The Nutty Professor
Good news for all Nebraskans! The 60th and final legislative day is April 18. The Speaker might adjourn the kids on April 11 (Day 59) if they play nice and do their chores.
This week, senators will begin debate on mid-term adjustments to the State’s $8.9 billion biennial budget. By rule, changes in the budget must be approved by Day 50. State revenues are still in the dumper, so floor debate will focus on budget cuts, rather than spending.
Private negotiations concerning tax relief (property and corporate income) are getting serious. A prediction: if a deal comes together, no one will particularly like it, tax cuts will phase in over 70 dog years, and all parties will claim victory. Which begs a question. Where does the money for tax cuts come from if government is already short of cash? It’s good old fashioned FM, my friends.
LB1090 advanced from General File to Select File on Friday. This is a significant bill for taxpayers, yet coffee shop geezers are way out of the loop on this one. Nebraska’s tax law partially mirrors federal tax code. So…. the Trump Tax Cuts and Jobs Act, that everyone so much appreciates, does not kick in for Nebraska taxpayers unless the Legislature and Governor pass legislation. Put simply, NO LB1090 = NO $226 MILLION IN TAXPAYERS’ POCKETS.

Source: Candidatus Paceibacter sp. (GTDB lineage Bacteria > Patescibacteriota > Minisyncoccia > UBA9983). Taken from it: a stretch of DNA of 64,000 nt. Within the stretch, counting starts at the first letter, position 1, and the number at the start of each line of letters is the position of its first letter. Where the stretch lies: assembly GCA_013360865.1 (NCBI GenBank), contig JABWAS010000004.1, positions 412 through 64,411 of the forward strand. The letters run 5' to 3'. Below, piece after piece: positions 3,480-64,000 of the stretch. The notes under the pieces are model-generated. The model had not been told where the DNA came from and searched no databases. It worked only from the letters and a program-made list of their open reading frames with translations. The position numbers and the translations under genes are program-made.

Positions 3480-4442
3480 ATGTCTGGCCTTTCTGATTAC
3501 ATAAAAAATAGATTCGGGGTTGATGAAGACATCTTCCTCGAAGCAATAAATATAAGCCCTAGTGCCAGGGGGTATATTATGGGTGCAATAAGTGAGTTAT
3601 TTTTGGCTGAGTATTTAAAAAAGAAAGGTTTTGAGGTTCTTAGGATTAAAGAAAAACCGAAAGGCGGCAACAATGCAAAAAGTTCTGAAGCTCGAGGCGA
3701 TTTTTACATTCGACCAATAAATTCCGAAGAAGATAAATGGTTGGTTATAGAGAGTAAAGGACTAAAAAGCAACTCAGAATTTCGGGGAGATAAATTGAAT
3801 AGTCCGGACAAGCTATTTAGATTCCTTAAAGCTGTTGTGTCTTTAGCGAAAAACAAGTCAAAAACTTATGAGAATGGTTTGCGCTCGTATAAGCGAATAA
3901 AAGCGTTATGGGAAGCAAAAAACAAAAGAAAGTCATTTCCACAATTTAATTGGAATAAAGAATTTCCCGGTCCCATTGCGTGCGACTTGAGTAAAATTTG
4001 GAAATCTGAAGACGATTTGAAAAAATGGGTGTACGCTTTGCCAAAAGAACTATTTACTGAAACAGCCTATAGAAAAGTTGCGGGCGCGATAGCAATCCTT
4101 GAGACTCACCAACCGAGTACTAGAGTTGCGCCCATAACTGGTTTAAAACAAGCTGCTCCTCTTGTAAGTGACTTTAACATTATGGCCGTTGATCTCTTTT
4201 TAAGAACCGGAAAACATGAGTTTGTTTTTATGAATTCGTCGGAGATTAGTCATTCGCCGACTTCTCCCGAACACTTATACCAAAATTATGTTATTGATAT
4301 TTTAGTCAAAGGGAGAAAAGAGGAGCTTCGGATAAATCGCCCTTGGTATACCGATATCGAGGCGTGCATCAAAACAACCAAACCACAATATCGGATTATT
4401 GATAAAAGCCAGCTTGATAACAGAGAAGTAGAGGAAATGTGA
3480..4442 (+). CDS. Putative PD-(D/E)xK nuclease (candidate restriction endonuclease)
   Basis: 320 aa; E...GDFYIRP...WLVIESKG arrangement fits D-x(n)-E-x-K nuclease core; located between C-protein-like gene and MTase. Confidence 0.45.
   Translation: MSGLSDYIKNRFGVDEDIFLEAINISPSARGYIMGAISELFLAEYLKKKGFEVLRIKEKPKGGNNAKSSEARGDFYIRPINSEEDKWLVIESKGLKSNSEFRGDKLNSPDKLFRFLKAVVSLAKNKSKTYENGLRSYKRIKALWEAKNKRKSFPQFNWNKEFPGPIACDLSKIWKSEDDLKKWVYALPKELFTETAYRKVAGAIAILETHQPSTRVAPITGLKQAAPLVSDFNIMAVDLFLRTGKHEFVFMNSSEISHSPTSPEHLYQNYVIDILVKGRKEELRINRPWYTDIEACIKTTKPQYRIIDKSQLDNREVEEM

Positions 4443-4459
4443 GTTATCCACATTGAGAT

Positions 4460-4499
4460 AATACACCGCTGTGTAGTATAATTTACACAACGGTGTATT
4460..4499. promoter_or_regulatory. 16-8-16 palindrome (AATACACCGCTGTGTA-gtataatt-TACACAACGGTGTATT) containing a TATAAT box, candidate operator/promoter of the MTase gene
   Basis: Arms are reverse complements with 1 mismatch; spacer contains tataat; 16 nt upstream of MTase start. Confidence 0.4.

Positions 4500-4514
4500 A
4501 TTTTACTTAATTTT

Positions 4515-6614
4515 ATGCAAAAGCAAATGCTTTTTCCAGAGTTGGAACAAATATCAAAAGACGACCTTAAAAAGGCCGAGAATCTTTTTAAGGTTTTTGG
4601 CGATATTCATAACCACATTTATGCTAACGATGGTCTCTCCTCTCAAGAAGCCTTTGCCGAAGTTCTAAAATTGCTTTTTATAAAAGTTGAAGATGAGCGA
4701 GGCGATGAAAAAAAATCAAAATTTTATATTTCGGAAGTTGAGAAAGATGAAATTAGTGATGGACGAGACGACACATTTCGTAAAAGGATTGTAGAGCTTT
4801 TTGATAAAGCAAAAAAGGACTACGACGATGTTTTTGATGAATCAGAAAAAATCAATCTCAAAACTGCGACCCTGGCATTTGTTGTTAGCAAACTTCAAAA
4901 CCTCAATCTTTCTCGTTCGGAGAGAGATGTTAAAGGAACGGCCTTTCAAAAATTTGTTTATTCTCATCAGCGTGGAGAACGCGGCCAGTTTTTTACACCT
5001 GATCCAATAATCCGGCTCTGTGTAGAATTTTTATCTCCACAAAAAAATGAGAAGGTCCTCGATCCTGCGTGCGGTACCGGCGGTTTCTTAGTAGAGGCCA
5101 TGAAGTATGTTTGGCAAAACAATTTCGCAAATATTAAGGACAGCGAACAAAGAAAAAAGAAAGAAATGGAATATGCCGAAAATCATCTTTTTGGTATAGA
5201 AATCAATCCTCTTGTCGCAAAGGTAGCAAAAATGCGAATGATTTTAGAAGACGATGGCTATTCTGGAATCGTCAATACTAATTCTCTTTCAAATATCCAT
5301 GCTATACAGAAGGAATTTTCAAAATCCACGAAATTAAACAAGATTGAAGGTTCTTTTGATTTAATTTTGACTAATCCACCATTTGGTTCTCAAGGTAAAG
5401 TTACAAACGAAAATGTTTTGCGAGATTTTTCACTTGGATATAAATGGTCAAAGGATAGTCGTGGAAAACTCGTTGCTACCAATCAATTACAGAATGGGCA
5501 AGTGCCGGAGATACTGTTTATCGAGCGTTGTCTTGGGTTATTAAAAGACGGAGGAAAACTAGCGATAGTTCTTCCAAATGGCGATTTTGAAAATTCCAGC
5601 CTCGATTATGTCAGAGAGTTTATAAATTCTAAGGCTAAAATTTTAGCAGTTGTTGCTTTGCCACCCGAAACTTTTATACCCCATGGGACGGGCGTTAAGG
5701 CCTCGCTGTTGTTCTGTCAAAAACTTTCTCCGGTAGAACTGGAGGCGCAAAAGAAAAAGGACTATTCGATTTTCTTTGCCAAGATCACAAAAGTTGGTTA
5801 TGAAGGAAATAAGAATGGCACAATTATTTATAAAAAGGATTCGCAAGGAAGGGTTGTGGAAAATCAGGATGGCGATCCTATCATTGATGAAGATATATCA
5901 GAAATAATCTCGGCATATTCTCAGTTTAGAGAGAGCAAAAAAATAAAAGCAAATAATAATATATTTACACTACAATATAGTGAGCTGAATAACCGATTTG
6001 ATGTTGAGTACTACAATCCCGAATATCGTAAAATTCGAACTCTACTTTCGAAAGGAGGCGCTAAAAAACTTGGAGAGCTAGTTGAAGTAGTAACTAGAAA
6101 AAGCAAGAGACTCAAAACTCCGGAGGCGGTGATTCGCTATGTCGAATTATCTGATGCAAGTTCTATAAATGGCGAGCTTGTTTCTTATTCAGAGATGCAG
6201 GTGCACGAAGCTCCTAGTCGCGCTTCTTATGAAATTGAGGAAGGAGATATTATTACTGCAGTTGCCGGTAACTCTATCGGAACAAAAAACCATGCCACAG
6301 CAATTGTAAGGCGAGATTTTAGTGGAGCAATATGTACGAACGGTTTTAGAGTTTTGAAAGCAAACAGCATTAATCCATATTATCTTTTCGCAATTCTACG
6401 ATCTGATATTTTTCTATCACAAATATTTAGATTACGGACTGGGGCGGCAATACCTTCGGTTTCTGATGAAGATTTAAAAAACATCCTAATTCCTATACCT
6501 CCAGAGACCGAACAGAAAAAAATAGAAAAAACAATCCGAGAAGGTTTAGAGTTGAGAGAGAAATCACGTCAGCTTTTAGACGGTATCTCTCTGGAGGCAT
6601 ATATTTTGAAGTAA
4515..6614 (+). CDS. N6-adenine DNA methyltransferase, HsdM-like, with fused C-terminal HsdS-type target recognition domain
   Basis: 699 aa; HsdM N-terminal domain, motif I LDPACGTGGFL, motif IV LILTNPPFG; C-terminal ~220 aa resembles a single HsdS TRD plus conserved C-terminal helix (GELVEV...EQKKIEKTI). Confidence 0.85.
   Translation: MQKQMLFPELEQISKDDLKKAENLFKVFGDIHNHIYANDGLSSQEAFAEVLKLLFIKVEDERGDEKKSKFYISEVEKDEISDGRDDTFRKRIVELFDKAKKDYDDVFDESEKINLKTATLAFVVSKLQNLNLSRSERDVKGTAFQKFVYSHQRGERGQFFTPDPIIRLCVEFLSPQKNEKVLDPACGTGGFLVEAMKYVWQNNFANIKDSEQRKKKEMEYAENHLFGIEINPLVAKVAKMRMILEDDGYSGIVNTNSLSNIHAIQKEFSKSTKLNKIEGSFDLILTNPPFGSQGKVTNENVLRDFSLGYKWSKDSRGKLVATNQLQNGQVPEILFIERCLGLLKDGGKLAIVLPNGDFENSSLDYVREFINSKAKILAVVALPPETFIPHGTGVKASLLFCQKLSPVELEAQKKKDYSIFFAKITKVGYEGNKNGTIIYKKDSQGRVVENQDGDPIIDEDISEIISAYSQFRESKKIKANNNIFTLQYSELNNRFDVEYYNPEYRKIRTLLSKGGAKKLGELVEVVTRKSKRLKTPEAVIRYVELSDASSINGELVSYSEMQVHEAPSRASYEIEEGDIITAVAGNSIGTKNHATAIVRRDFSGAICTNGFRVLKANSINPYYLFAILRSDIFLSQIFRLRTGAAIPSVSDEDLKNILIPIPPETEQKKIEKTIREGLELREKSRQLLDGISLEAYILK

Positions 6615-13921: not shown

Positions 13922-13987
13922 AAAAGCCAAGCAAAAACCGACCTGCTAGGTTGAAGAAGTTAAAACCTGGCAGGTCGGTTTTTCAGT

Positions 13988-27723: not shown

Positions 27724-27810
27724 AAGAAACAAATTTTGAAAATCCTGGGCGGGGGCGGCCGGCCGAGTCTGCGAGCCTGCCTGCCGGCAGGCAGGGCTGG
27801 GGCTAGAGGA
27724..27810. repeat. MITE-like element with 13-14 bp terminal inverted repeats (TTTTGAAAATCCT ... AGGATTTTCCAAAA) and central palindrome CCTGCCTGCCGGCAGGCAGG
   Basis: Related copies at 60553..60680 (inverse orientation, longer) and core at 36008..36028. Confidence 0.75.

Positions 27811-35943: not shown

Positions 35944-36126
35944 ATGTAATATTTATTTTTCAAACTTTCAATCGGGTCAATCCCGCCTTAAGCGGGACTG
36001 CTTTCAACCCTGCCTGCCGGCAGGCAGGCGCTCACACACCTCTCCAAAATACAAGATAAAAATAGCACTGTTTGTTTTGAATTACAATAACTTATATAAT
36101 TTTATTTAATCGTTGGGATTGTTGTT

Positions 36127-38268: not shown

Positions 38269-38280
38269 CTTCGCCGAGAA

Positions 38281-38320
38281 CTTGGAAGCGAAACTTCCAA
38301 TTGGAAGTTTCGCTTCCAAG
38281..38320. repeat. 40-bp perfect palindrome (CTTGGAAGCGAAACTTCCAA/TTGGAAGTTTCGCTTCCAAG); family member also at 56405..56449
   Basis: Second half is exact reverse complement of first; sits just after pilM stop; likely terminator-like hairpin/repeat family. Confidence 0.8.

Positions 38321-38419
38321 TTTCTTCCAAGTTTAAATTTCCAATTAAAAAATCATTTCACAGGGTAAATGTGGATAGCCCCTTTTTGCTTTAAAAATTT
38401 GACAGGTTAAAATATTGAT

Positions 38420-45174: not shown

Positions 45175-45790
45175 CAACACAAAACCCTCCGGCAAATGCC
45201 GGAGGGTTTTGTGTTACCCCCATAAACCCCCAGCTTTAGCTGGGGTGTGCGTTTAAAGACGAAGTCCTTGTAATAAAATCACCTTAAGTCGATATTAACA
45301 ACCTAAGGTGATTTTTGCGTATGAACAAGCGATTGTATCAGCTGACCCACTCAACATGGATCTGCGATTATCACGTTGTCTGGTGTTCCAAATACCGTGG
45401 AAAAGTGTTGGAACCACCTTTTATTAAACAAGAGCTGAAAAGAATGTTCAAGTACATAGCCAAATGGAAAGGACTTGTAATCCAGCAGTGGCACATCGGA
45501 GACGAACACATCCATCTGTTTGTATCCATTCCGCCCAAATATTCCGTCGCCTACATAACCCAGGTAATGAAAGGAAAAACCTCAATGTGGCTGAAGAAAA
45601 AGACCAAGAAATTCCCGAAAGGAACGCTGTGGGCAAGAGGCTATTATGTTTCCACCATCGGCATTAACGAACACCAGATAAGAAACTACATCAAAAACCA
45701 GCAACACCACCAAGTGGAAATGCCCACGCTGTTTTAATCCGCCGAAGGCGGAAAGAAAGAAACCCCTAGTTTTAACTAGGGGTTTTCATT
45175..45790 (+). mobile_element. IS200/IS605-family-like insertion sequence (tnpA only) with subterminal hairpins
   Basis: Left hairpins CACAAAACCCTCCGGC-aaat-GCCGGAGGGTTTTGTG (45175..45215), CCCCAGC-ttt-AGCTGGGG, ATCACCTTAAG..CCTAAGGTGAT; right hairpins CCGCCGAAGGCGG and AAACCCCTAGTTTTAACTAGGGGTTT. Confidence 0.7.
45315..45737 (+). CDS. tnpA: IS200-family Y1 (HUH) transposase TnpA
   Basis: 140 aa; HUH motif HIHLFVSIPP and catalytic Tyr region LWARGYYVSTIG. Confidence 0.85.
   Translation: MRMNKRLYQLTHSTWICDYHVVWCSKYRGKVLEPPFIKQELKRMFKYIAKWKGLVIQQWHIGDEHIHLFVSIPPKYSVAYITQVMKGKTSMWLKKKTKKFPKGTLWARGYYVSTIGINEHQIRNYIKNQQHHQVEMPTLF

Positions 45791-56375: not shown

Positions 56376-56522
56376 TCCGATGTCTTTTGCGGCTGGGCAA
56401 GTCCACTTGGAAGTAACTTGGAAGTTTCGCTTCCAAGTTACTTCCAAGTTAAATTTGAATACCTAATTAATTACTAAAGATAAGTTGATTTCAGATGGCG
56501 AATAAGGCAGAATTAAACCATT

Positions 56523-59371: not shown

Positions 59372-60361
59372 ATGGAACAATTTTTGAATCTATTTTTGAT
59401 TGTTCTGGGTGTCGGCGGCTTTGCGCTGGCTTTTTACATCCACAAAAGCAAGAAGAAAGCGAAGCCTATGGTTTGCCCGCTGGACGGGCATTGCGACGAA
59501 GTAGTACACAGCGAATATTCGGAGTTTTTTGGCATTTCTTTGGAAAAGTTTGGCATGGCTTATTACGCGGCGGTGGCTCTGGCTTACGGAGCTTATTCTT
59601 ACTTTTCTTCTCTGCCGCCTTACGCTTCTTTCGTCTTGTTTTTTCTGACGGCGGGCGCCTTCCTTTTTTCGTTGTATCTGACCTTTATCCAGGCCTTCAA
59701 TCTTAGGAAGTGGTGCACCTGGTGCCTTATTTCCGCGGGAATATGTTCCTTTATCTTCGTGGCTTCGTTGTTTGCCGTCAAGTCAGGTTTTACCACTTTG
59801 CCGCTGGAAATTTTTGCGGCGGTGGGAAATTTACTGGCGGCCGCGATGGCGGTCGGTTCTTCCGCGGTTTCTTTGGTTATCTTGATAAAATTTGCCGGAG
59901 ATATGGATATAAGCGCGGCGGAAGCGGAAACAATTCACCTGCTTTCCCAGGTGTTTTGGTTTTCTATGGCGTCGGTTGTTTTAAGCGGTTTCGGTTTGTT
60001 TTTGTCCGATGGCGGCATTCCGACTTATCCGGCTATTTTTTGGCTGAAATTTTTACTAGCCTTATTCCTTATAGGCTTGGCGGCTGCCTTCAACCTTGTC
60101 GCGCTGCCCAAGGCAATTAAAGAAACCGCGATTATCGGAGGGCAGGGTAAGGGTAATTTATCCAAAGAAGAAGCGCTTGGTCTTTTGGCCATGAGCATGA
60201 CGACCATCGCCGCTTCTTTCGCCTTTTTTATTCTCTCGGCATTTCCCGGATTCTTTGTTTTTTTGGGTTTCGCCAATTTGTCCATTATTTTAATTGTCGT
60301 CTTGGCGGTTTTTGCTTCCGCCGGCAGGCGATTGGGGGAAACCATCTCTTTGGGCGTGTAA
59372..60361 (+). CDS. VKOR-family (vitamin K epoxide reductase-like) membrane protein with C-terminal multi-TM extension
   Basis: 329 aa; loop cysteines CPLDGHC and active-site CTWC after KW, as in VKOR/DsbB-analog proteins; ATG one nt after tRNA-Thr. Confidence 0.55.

Senator Schumacher (The Professor) had an absolute ball last week on General File. He made senators think and thoughtfully debate his idea for the creation of a Sovereign City, no bigger than 36 square miles in a part of the state where there are currently less than 10 people per square mile. Sure, a couple fuddy-duddies poked fun and laughed at his concept, but they had to genuinely consider an idea that just might stimulate economic and population growth in Nebraska’s sparsest of areas. Schumacher’s bill did not pass, but the vote total was tied – 19-19. This is the Professor’s final session due to term limits. Gonna miss that nutty guy.
Tracking Sheet Priority Bills
LB829 (Erdman) In Committee – Would enable Nebraska property owners to get a credit or refund on their state income tax return equal to 50% of that portion of their property tax bill, which goes to fund K-12 education.
LB947 (Smith on behalf of the Governor) In Committee – Effective January 1, 2018, each resident who is an owner of a homestead shall be allowed a refundable credit against their income taxes paid, equal to a percentage of the property taxes paid during the taxable year on such homestead, not to exceed 10%. For taxable year 2019 and each taxable year thereafter, the percentage may be increased, not to exceed 30%.
LB994 (Transportation & Telecommunication Committee) In Committee – Would enhance broadband telecommunications service to unserved and underserved areas in rural Nebraska. The intent states that citizens in rural Nebraska should have comparable broadband service to citizens in urban areas.
LB1103 (Friesen) In Committee – Creates foundation aid that is the greater of 25% of the basic funding calculated for a school district or the total amount certified for a local system, proportionally based on the formula students attributed to each district.